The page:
White House faces a fight on oil tax break repeals

Sen. Mary Landrieu (D-La.), among the industry’s strongest allies on Capitol Hill, quickly condemned Obama’s plan, and oil-and-gas producers are already fighting it.

 “It is unfortunate that the Administration has chosen to escalate the cost of producing energy in America,” Landrieu said in a prepared statement. “American energy is already being displaced by cheaper foreign energy from OPEC nations, Russia and Africa.  Raising the costs of domestically produced energy only accelerates our dependence on lower-cost foreign oil.”

The White House argues that the subsidies distort the market and that taking them away would help boost alternative energy.

Besides, the White House plan says the subsidies don’t incentivize much production, and that the $36.5 billion over a decade they want to take away will amount to just one percent of industry revenues over that time.

But Obama might have had more luck if he was in office a couple of years ago, when oil companies were routinely posting record profits on the strength of crude oil prices that were well over $100 per barrel for months.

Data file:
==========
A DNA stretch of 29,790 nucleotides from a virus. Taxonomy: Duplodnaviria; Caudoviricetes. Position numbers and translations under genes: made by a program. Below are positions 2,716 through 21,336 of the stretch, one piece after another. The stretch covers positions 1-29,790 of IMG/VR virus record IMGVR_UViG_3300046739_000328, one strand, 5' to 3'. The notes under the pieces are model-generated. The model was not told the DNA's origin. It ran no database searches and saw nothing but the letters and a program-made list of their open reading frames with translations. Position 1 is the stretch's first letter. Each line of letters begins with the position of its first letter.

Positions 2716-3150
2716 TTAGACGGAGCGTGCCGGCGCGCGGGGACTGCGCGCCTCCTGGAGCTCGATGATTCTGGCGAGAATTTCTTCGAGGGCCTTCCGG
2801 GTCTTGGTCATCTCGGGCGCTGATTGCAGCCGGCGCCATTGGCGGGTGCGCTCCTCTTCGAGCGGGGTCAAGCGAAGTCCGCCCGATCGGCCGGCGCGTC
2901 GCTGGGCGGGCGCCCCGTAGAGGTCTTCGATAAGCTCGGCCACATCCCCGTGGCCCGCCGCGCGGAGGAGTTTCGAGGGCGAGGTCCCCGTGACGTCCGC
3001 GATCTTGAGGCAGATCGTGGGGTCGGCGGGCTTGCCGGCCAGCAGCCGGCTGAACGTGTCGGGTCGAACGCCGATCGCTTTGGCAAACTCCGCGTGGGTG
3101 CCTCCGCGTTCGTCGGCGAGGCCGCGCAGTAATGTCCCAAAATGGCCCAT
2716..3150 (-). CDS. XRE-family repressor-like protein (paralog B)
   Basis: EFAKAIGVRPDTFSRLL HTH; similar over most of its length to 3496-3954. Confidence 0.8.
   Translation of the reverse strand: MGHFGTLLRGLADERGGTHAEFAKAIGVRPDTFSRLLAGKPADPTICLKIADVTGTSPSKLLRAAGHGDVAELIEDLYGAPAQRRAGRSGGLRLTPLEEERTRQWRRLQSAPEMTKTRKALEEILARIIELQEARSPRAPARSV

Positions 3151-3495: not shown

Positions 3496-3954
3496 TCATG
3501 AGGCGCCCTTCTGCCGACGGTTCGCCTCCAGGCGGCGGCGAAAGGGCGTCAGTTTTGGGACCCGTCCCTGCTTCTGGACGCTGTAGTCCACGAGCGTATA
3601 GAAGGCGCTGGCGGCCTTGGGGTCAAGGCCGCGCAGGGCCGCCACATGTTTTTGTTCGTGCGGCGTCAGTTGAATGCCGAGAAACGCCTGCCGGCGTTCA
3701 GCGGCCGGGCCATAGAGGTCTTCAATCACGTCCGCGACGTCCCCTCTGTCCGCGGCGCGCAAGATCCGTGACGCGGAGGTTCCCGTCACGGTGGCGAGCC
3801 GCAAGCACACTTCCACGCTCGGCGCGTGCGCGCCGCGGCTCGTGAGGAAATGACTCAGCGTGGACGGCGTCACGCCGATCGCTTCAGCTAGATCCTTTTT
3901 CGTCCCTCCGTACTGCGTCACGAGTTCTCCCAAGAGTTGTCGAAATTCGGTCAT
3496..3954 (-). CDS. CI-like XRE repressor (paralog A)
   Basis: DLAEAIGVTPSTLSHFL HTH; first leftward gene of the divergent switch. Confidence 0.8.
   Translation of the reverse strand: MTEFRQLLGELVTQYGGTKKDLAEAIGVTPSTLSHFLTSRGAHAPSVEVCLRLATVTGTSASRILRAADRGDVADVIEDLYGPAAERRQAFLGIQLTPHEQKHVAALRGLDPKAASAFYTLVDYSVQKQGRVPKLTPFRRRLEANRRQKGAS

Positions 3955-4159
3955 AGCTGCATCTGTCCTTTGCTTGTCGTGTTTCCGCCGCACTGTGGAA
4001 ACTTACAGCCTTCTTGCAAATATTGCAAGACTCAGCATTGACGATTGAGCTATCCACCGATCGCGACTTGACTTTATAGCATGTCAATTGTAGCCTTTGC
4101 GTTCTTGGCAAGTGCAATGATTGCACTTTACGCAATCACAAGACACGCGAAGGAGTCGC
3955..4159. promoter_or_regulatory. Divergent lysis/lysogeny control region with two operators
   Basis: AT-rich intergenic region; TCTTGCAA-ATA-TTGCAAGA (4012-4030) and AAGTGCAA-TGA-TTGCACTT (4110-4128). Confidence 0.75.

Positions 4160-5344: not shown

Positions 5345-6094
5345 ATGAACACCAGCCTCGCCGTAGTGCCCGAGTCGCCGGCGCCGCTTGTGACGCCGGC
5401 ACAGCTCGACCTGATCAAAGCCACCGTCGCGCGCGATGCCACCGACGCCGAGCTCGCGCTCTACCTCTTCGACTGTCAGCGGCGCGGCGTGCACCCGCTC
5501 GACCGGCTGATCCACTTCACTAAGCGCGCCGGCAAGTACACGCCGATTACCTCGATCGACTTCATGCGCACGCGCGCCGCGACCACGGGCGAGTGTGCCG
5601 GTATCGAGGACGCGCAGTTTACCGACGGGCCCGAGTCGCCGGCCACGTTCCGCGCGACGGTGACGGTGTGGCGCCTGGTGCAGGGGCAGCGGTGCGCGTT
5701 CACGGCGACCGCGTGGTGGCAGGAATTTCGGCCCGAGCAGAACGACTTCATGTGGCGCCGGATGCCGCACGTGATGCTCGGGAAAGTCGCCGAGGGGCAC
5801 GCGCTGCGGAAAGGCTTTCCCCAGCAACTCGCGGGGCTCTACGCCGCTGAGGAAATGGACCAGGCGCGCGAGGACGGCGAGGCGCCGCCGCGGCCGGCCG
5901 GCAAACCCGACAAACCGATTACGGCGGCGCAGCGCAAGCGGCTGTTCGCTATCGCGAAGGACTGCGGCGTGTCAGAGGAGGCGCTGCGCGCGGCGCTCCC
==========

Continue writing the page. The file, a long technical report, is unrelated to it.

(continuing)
The huge Wall Street bailout that then-President Bush signed in October of 2008 limited the size of domestic manufacturing tax breaks that oil companies can claim (tax breaks that Obama now wants to cut entirely).

That was just a few weeks after Exxon Mobil Corp. posted what was then a record-breaking $11.68 billion quarterly profit – a record that lasted until the following quarter, when Exxon hauled in $14.83 billion.

Energy prices have come way down since then. Yesterday Exxon reported a fourth quarter 2009 profit of $6.05 billion – probably not enough to prompt another round of congressional hearings featuring lawmakers grilling industry CEOs.

But Congress is looking for revenue sources, so don’t write off Obama’s effort yet, FBR Capital Markets said in a research note Tuesday morning.

“Given the economic and political climate, we expect that many conservative Democrats will be uneager to significantly raise energy taxes, especially on domestic production,” the FBR analysts write. “However, the need for ‘revenue raisers’ to offset an ambitious 2010 spending agenda will make the energy sector prime targets throughout the year.”

FBR believes one possibility is that Congress could give Obama half a loaf on some of the plans. In one case, Obama wants to raise an estimated $7.8 billion over a decade by ending oil companies’ ability to write off “intangible drilling costs” such as labor and repairs.

“Rather than fully repealing IDCs, Congress, we believe, is more likely to scale back expensing closer to 70%, or to repeal IDCs just for the integrated oil companies (refiners) and give a pass to the smaller companies,” FBR states.